Walk with me
Now we take a little stroll through the non-euclidean mansion, where the armor suits are watching you, the Moai is watching you, the haunted portraits are watching you…
The witch is already dropping hints of things to come, because, of course, she knows what’s going to happen, and she’s being smug about it. That just comes naturally to her- imagine if you were very old, and you knew what was going to happen all the time. Now imagine trying NOT to be smug about it after centuries.
It doesn’t excuse the witch’s behavior, but it does at least explain it.
That ‘mildly mean-spirited threat’ crack indicates that she was listening in on their conversation in the cab. Which is more than a little creepy.
I love the air quotes around ‘super powers’. It’s not only the witch showing disdain for the idea of superheroes, but also her indicating that she knows what Ronni’s true power is, as she tries to pass it off as super powers. Also, her flat lidded eyes speak volumes in this shot.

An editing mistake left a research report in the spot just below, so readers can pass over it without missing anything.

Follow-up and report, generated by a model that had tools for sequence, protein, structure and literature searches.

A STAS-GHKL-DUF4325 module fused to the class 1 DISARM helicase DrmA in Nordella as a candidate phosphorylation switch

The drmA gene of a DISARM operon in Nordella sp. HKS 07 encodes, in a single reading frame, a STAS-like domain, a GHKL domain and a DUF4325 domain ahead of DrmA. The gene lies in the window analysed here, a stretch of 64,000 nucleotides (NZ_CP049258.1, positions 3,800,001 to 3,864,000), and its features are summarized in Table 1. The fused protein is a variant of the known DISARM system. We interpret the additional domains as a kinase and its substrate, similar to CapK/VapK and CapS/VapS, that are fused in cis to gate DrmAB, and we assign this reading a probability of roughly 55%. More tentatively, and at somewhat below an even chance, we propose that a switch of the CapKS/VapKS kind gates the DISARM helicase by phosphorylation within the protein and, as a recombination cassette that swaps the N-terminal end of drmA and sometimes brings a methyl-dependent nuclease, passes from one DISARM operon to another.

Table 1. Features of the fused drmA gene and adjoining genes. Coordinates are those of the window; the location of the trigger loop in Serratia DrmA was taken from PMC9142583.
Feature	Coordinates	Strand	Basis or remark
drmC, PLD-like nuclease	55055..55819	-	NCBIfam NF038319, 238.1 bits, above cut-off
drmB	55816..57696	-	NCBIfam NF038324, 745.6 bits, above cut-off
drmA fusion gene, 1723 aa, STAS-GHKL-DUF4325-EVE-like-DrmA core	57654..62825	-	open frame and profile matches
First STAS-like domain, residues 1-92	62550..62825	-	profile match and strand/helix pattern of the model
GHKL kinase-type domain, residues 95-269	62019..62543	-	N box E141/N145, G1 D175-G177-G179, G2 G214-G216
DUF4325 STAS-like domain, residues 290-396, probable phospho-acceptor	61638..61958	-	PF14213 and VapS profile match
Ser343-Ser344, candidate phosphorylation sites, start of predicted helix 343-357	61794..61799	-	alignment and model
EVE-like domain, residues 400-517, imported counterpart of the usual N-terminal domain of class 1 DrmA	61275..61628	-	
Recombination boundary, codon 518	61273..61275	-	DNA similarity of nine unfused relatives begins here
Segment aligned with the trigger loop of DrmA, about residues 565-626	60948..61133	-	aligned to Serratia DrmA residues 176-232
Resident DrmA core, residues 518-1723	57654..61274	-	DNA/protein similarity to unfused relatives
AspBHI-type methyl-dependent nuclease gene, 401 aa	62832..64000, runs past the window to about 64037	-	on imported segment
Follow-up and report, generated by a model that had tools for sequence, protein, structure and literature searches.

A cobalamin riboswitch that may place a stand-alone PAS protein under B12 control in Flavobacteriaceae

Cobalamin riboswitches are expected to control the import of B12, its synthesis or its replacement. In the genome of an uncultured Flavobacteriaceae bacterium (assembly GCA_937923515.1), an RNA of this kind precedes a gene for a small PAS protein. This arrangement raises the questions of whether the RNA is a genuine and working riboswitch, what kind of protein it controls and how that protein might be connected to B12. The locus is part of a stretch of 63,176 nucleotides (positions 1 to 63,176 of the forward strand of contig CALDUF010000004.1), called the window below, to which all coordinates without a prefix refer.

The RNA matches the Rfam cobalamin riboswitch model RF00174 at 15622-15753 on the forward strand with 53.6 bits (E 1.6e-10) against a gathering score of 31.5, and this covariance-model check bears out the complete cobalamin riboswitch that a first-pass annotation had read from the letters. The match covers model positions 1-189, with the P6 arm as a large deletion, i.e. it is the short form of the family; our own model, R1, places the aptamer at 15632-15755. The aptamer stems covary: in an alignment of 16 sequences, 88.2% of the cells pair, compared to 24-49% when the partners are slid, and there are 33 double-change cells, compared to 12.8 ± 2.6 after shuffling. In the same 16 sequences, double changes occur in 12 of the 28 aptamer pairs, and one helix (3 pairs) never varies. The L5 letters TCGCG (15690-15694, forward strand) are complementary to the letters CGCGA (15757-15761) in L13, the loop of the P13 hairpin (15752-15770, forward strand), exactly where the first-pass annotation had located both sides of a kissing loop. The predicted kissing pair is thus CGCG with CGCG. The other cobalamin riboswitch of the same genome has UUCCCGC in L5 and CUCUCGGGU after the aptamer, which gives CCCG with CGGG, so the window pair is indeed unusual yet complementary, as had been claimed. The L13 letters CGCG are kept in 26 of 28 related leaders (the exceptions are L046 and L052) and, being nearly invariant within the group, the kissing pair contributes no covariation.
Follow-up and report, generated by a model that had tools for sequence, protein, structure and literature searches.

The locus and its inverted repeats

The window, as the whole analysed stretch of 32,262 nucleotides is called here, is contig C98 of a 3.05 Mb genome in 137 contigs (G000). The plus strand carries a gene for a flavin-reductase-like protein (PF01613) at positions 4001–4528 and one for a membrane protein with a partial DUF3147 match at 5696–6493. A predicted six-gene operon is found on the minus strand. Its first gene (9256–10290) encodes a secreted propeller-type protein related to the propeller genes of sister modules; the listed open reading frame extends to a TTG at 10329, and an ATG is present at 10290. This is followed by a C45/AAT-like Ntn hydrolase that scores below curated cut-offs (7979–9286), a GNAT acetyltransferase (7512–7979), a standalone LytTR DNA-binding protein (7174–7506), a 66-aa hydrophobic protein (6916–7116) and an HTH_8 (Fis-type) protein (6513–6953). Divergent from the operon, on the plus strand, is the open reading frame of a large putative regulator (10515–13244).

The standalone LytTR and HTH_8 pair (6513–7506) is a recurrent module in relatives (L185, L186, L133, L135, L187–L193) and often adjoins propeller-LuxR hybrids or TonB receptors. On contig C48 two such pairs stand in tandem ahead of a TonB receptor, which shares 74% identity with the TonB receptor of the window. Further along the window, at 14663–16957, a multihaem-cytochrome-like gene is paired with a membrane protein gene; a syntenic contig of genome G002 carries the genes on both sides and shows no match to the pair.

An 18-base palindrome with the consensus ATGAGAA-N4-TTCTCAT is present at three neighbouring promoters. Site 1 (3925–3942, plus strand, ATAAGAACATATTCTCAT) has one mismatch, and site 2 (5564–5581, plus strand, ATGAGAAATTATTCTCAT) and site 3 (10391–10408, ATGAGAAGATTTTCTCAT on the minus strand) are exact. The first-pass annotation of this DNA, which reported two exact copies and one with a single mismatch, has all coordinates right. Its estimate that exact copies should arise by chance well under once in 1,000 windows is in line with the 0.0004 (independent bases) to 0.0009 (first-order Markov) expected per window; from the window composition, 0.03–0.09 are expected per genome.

Our thought is that since Ronni’s been here before, she likely asked about the simulacrums, and Morgan never passes up an opportunity to brag.
Any guesses as to the non-actionable identities of the ghost portraits?
I do love me drawing some spooky, haunted mansion vibes, and Stanely’s mostly-silent reactions to everything were fun to suss out. As always, I enjoy drawing character acting, so scenes like this are always a lot of fun to work out.
It’s essentially a “walk and talk” scene, which can get visually dull if you don’t work out your camera work and layout properly, In this case, the disjointed panels are both as foreshadowing for a scene already drawn at the end, and a way to emphasize that the geography of the house is confusing. I use those to purposefully break the 180 rule, and it’s not a thing I do lightly, but I hope it’s effective here.